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Rendered on Wed, 15 May 2019 14:02:05 GMT  newer latest older 

Idea: add statistical labeling to elm-test

via Elm Discourse - Latest posts by @brian Brian on Wed, 15 May 2019 13:53:37 GMT

Have a look at the talk starting about here: https://youtu.be/NcJOiQlzlXQ?t=2402

He justifies why this must be the case. :slight_smile:

Idea: add statistical labeling to elm-test

via Elm Discourse - Latest posts by @gampleman Jakub Hampl on Wed, 15 May 2019 13:49:02 GMT

Don’t think that would be very valuable, since whether or not one gets the warning is pure luck as is whether the warning is a false positive.

Idea: add statistical labeling to elm-test

via Elm Discourse - Latest posts by @brian Brian on Wed, 15 May 2019 13:46:29 GMT

Why? What about fuzz2 and so on? There’s composition there, would it discard the labels? If no, why? If you want a string and an int, and labels live on the fuzzer, you’d have to make a fuzzer like Fuzz.map2 Tuple.pair Fuzz.int Fuzz.string with new labeling and validation per test. This indicates to me that the labels, at least in the composition case, are better as a test responsibility.

I don’t understand how you got from the first sentence to the second. Could you help me by saying more about the link here? What requires this, philosophically? What philosophy are we talking about here?

That said, I think there are tradeoffs either way. Based on your understanding of the world you say that they should live on the fuzzer. Based on mine, I say they should live on the test. I don’t see anything that prevents either from being successful. I started from the test side because that’s what the Haskell QuickCheck does, but from what I understand they have less control over fuzz input than we do. If that creates some bad assumptions for us, OK! I’ll drop 'em. :slight_smile:

Verifying coverage targets have been met will have to be a special mode for exactly this reason (like seeing examples.) We can warn if coverage is not met during a regular test run, though.

How to write parameterized tests in Elm

via Elm Discourse - Latest posts by @choonkeat on Wed, 15 May 2019 13:07:39 GMT

If you want different Expectations, then you’ll need to have different tests.

suite : Test
suite =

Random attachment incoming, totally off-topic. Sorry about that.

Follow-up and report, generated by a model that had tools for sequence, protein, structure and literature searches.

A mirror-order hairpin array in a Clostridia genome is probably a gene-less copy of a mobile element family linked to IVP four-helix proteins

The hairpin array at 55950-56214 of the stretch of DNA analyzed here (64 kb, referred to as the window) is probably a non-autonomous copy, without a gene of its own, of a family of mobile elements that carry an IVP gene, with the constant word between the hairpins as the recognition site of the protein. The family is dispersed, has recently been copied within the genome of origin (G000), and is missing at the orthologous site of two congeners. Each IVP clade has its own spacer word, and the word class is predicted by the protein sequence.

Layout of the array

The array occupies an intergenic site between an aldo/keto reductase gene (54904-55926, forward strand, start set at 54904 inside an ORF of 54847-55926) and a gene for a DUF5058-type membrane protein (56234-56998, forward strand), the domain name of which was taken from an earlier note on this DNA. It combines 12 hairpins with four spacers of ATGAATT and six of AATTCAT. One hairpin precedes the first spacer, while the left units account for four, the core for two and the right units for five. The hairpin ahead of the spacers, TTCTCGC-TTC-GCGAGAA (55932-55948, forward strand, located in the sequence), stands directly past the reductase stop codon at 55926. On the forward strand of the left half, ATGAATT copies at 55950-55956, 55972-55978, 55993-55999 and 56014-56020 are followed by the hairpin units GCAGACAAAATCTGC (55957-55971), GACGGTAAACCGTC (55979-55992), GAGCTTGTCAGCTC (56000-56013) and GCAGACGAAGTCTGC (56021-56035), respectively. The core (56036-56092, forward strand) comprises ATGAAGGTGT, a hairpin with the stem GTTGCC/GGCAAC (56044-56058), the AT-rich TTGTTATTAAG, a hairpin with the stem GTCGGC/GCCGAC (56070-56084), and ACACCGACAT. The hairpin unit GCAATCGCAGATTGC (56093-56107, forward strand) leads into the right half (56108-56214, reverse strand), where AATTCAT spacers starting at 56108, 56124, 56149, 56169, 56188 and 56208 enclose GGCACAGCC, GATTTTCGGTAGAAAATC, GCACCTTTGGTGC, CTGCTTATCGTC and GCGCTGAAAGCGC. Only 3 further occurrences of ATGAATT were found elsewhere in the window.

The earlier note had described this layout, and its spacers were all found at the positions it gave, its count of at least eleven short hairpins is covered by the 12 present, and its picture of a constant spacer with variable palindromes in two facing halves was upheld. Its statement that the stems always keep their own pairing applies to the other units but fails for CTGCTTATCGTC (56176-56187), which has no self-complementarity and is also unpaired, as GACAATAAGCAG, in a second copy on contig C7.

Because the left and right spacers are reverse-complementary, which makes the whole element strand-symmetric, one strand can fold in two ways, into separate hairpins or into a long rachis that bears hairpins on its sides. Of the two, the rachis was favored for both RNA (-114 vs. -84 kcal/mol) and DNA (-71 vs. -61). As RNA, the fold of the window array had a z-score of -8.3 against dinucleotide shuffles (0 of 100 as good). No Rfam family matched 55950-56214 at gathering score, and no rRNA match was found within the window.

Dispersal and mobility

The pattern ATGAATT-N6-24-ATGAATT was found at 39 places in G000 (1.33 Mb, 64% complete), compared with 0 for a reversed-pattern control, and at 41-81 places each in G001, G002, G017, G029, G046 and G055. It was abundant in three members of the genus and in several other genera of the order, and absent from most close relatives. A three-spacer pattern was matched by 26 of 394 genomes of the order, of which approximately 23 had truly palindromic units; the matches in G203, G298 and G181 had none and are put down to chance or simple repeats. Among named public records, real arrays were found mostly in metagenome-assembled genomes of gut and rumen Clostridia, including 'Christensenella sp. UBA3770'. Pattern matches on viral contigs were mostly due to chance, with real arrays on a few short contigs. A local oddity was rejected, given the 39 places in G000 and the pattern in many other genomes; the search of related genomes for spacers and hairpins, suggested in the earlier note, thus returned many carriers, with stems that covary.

describe "isOdd" <|
        List.map
            (\{ given, expected } ->
                test (String.fromInt given) <|
                    \_ ->
                        Expect.equal expected (isOdd given)
            )
            [ { given = 1, expected = True }
            , { given = 2, expected = False }
            , { given = 3, expected = True }
            , { given = 6, expected = False }
            ]

This pattern is similar to “table driven tests” that Go community prefers, but because of the way List.map argument order works, your test code will come before your test data “table”; no biggie imo

Also, feel free to use Debug.toString given instead of String.fromInt given if your given is a more complicated type. Since this is just test, using Debug to spell out the test name is probably forgivable.

Elm-json: A tool for managing elm.json files

via Elm Discourse - Latest posts by @system system on Wed, 15 May 2019 12:54:06 GMT

This topic was automatically closed 10 days after the last reply. New replies are no longer allowed.

Simulate an onInput event from javascript

via Elm Discourse - Latest posts by @chalmagean Cezar Halmagean on Wed, 15 May 2019 12:19:28 GMT

I’m testing an Elm form with selenium and whenever I change the value of a select, Elm doesn’t receive the event. So I am unable to simulate a real user selecting a different option in a dropdown.

I’ve tried triggering the event with javascript in the browser with no luck.

What’s the best way to do this?

The most basic of POS systems written in ELM

via Elm Discourse - Latest posts by @dnk8n Dean Kayton on Wed, 15 May 2019 09:59:28 GMT

I would definitely not want it online though. Internet can be flaky out where I live (rural South Africa, place called Kosi Bay)

Looks like a local backend server is the obvious choice for simplicity!

Optimizing Base64 encoding/decoding

via Elm Discourse - Latest posts by @folkertdev Folkert De Vries on Wed, 15 May 2019 09:50:00 GMT

The code presented here has now been merged into master and will be part of the next release of base64-bytes.

@unsoundscapes interesting. I know that haskell under some circumstances will realize that it creates a tuple, only to immediately pattern match on it again (in the next loop iteration).
It then unboxes the tuple saving some indirection. Perhaps the jit does something similar? It would be convenient if elm could do that kind of optimization for this kind of work.

@mgold absolutely, which is why it was so nice the package already had a solid set of fuzz tests.
Also i remember some 1000000x speedups because a function just immediately returned Nothing.

The most basic of POS systems written in ELM

via Elm Discourse - Latest posts by @Herteby Simon Herteby on Wed, 15 May 2019 09:46:17 GMT

So you’d do peer-to-peer networking using WebRTC? That’ll definitely require JS, and seems pretty complicated. There’s also no real safe way to store data in a browser (that survives “clearing cookies”).

I think the simplest option when you don’t want to worry about the backend is probably a BaaS like Firebase. With Firebase you can get realtime messaging too, though you’ll have to install the Firebase JS client and connect it to Elm with ports.

Integration tests in Elm?

via Elm Discourse - Latest posts by @system system on Wed, 15 May 2019 09:42:03 GMT

This topic was automatically closed 10 days after the last reply. New replies are no longer allowed.

How to write simple test cases in Elm

via Elm Discourse - Latest posts by @ondrej on Wed, 15 May 2019 09:33:16 GMT

I agree that it’s good practice to have a single reason to fail. What I wrote was for simplification.

Usually the testing fw has some way to write down test cases and it will then generate those tests for you. In C# you would usually annotate the method and the build system would generate tests with one assertion each.

[TestCase(-1, True)]
[TestCase(0, False)]
[TestCase(1, True)]
public void IsOdd_Tests(int input, bool expected) {
  Assert.Equal(Utils.isOdd(input), expected);
}